Unemployed young people suffering the effects of the recession could face a lifetime of poorer health and lower happiness, a report warned this week.
The Prince’s Trust YouGov Youth Index revealed that those out of work are significantly less happy with their health, friendships and family life than those in work.
One in ten young people (11 per cent) claim that unemployment drove them to drugs or alcohol. Unemployed young people are also more likely to feel ashamed, rejected and unloved more of the time.
Boroughs along the East London line are suffering from some of the highest rates of unemployment in the country. Tower Hamlets has the highest level of youth unemployment in the area; in Hackney there are 37 claimants for every new job according to The Hackney Unemployed Workers’ Group; Lewisham and Tower Hamlets do not fall far behind.
Matt Dobson, a spokesman for Youth Fight For Jobs said: “Young unemployed people get frustrated and feel there is no place for them in the community, especially with the higher costs of university transport and other necessary every day costs.”
Some boroughs such as Lewisham have schemes to place young people in jobs, but according to Dobson they are flawed and do not provide real job opportunities.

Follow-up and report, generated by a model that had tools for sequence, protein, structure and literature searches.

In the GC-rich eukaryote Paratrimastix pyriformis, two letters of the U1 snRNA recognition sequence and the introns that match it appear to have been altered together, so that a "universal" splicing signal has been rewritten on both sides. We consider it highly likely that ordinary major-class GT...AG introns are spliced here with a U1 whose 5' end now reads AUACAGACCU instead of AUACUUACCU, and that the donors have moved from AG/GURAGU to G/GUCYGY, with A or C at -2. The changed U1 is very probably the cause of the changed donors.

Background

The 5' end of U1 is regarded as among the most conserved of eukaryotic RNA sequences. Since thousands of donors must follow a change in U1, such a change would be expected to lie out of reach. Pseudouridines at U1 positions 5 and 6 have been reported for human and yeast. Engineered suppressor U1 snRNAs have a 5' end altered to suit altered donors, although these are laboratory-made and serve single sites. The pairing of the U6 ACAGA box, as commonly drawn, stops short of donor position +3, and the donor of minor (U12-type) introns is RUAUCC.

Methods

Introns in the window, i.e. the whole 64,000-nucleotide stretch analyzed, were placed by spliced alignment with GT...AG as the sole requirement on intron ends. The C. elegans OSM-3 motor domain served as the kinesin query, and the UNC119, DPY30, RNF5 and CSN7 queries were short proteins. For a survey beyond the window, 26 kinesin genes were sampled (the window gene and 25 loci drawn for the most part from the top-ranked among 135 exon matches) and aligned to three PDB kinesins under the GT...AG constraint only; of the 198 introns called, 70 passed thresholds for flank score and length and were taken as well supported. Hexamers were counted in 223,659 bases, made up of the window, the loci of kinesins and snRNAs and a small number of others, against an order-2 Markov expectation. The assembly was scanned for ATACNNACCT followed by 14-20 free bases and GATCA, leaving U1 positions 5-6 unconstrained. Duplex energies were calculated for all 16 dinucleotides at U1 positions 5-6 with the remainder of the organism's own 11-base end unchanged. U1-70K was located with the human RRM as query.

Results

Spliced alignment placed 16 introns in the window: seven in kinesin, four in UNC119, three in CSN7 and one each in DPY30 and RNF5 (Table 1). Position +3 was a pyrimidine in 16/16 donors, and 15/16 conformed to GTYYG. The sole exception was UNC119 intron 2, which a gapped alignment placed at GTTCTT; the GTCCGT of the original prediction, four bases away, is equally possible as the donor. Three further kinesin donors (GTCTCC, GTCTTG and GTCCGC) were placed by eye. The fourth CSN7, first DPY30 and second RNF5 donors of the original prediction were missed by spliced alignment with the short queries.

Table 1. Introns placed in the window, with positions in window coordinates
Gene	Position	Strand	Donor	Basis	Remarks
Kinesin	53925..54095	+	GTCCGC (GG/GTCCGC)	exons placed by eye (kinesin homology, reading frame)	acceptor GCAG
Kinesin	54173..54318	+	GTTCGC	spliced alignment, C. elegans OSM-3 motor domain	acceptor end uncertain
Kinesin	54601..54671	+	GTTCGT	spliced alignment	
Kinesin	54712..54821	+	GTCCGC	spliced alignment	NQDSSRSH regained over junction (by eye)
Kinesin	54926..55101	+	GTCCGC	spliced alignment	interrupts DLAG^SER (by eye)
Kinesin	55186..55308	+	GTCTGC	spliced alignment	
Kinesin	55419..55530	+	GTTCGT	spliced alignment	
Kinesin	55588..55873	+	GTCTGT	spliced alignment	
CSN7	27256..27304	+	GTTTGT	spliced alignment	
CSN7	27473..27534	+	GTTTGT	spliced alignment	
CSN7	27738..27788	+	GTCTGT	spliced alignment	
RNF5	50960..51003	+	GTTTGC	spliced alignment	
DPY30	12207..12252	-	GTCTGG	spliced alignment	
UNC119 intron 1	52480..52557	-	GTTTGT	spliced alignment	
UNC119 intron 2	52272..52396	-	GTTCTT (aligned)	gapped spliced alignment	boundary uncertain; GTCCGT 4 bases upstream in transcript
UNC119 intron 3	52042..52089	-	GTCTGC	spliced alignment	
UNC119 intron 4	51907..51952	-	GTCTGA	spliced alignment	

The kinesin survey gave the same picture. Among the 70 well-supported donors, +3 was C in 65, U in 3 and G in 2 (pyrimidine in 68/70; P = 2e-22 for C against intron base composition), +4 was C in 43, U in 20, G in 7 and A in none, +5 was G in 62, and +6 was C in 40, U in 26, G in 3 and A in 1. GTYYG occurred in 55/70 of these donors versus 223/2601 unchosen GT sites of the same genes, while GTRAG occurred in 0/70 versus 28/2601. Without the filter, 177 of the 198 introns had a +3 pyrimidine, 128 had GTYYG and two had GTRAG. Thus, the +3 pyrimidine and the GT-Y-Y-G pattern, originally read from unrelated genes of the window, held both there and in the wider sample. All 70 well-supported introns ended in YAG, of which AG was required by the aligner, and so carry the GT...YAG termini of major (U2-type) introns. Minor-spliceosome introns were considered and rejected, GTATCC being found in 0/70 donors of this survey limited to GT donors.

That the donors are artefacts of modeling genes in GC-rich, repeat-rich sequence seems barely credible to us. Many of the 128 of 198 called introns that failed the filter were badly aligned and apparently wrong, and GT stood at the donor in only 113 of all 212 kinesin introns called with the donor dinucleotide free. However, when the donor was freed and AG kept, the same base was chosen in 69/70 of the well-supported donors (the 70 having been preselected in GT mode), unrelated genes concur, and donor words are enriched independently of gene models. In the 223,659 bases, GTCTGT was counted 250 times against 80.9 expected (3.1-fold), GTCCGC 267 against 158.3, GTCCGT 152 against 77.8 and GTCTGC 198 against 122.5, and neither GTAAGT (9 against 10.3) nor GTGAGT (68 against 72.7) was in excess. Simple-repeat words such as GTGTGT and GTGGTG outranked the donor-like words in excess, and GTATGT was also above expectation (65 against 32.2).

Mr Dobson added: “Job schemes should create real jobs with real contracts and decent wages. Companies are using the scheme as a tool to drive salaries down. The jobs offered are usually temporary for six months with very few ending in a renewed contract.”
Ian Page, Lewisham Socialist Party councillor for Telegraph Hill ward said: “The council has made big publicity about the scheme but the numbers of jobs available are extremely low. These are not proper jobs because they are low pay and temporary. They should be made permanent with full trade union employment rights.”
The study found that a quarter of young people who are or have been unemployed say that their joblessness caused arguments with family members while 28 per cent claim that unemployment caused them to exercise less, with around one in six of those currently out of work getting no exercise at all.
Leading economist Professor David Blanchflower claimed that unemployment has a knock-on effect on a young person’s self-esteem, their emotional stability and overall wellbeing. The longer the period a young person is unemployed, the more likely they are to experience this psychological scarring.
“This means an unhappy and debilitated generation of young people who, as a result, becomes decreasingly likely to find work in the future,” he said.
Martina Milburn, chief executive of The Prince’s Trust said: “The implications of youth unemployment stretch beyond the dole queue.”
“The emotional effects on young people are profound, long-term and can become irreversible. We must act now to prevent a lost generation of young people before it is too late.”